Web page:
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Breaking News: Fugitive 20, With Gun Conviction Seized By Passaic Sheriff's Detectives With US Marshals Unit

UPDATE: Investigation Into Bergen County Man Recorded Urinating On Ex-Wife's Grave Announced

Michael Andrew Murphy (left)
Michael Andrew Murphy (left) Photo Credit: Michael Andrew Murphy / Orangetown PD

HERE'S THE LATEST: A Bergen County man who was recorded urinating on his ex-wife's grave received a summons and is being investigated further, police in Rockland County confirmed on Monday, Sept. 26.

Daily Voice broke the story Friday about the secret recording made of Dean Eichler, 68, desecrating the grave of Bergen County native Linda Torello.

Torello's son, Michael Andrew Murphy of Dumont, watched from a hiding place as his cellphone recorded the incident.

Murphy and his sister, Renee Eichler Barragan, said it's been going on for months. And not just that, either -- he's also left bags of feces, they said.

It's all over a grudge that both said Eicher has been holding against their mother for nearly 50 years.

Murphy set his cellphone on a nearby headstone to record the desecration around 6:15 a.m. this past Sunday, Sept. 18.

He hid behind a shed while Barragan sat in his car.

The video shows Eichler pulling into the Tappan Reformed Church Cemetery off Old Tappan Road in an SUV. His current wife was in the vehicle, Murphy said.

The video clearly shows Eichler approaching Torello’s grave while unzipping his fly. He looks around, then does his business.

Then he ambles back to the SUV.

“Believe me, I don't know how I made it through that. I never had so much rage in my life," Murphy said.

ORIGINAL STORY: Ex-Husband Caught On Video Urinating On Bergen County Native's Grave (WATCH)

Police initially told him there wasn't much they could do, Murphy said.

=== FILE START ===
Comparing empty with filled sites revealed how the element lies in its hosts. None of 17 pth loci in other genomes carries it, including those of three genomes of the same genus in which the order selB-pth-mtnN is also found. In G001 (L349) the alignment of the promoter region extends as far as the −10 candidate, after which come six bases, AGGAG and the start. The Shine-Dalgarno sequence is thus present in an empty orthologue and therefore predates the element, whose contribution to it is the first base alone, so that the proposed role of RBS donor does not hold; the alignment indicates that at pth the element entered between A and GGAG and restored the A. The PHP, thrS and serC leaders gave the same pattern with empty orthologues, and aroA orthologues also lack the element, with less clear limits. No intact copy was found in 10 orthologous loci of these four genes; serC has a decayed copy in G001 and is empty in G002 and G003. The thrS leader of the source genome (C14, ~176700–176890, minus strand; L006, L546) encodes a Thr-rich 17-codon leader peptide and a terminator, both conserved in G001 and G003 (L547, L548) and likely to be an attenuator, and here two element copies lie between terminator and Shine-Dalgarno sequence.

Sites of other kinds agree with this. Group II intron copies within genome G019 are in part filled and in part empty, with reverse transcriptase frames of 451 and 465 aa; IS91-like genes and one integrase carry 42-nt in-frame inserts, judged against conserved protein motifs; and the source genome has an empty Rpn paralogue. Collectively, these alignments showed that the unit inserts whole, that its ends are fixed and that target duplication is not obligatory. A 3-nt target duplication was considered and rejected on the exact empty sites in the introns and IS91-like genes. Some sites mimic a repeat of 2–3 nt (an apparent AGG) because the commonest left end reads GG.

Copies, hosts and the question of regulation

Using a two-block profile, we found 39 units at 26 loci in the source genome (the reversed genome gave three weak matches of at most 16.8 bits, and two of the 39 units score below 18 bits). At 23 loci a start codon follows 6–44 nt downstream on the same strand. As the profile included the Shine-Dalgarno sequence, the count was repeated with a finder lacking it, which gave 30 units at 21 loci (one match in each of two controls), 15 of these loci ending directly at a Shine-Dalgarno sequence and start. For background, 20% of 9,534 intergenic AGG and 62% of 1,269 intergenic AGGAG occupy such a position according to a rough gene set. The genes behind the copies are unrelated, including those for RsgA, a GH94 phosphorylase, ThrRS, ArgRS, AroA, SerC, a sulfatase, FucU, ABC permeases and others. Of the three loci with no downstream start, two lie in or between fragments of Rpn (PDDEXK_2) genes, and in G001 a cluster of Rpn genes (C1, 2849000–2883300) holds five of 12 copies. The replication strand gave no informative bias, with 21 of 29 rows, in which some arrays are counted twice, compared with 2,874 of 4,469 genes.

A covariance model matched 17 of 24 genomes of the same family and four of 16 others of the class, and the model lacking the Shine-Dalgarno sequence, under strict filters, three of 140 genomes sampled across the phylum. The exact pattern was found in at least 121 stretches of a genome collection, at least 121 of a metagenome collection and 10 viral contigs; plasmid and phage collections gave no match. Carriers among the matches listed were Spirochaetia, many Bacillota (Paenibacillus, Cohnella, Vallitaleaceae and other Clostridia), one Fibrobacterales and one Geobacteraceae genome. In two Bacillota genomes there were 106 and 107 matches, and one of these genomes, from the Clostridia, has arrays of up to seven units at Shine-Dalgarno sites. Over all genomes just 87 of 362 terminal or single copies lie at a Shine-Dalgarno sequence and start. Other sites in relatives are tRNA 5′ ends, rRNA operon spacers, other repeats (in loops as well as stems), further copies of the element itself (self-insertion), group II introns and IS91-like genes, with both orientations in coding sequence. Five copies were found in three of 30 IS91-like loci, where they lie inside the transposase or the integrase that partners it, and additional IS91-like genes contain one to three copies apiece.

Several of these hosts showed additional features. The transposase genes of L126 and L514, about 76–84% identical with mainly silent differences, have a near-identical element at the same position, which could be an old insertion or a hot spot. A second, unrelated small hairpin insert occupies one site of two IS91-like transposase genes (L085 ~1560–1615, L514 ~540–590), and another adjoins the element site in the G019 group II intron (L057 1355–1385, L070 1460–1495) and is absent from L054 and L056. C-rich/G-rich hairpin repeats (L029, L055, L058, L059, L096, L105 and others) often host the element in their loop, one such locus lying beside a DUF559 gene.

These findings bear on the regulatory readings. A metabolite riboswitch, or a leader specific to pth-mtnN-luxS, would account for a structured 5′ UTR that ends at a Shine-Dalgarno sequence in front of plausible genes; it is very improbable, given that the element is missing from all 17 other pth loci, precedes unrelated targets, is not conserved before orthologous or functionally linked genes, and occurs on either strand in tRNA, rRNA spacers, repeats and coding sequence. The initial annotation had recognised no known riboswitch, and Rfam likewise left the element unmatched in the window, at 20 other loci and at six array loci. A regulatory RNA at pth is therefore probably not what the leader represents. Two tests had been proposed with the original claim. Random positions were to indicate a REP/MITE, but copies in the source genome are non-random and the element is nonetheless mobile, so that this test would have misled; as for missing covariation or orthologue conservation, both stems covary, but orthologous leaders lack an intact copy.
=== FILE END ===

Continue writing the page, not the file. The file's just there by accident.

However, after the appearance of the Daily Voice story, Orangetown police not only announced that Eichler had received a summons for urinating in public. They also said their detectives are investigating further with an eye toward possibly more serious charges.

Eicher and Torello divorced in 1974 after a brief marriage, according to Murphy and Barragan.

Linda Torello had became pregnant with Renee but denied responsibility, they explained. Eichler's family was good to Torello, however.

“They really stepped up,” Murphy said. “They loved our mom.”

His family also estranged Eicher and his second wife, the brother and sister said.

“His family chose my mother over his wife. He said they were all dead to him,” Murphy said. “That’s probably where the animosity comes in.”

Torello lived most of her life in Dumont and Northvale before moving to North Carolina in her mid-50s. The 66-year-old mother of seven and grandmother of 13 was due to become a great-grandmother when she died in August 2017.

Murphy said he stopped at his mom’s grave on the way home from a job in Rockland this past April and found a zip-locking deli bag with feces in it.

After a third discovery in July, the family began connecting dots. Eichler had been working in the deli section of the Stop & Shop in Tenafly, seven or so miles due south from the cemetery, they said. He'd have access to the zip-locking bags.

“No one in my family has had contact with him since 1976 or so,” Murphy said. “We’re not sure how he found my mother’s grave.”

Barragan spoke with cemetery officials, who she said gave permission to set up cameras.

"They have been amazing trying to help us," Barragan said.

The trail cameras captured a succession of images of the intruder showing up around the same time and committing the same violation four days in a row last week.

The pictures weren't crystal-clear, however.

So Murphy and Barragan went to the cemetery early last Sunday.

Using his cellphone, Murphy got a highly defined result. He shared the video on Facebook, where friends and supporters have sent prayers while praising him for his restraint.

Cemetery desecration is a crime in New York State if it causes damages in excess of $250. That could involve stealing from a plot, toppling, vandalizing or stealing a headstone, damaging flowers, vases or other personal items, or fully or partially digging up graves.

Related offenses include trespassing and criminal mischief. Fines and probation ordinarily follow convictions.

Murphy has met the threshold for damages after “paying a hazmat company to remove all her decorations that are soaked in urine and have the headstone properly cleaned and some of grass ripped up and replaced, plus the permits to let these companies enter the cemetery."

“It's been hard to sleep. I'll start to fall out and suddenly I wake up,” he said. “I don't care who you are. This has to make you sick. This happening to our mother….it’s horrible.”

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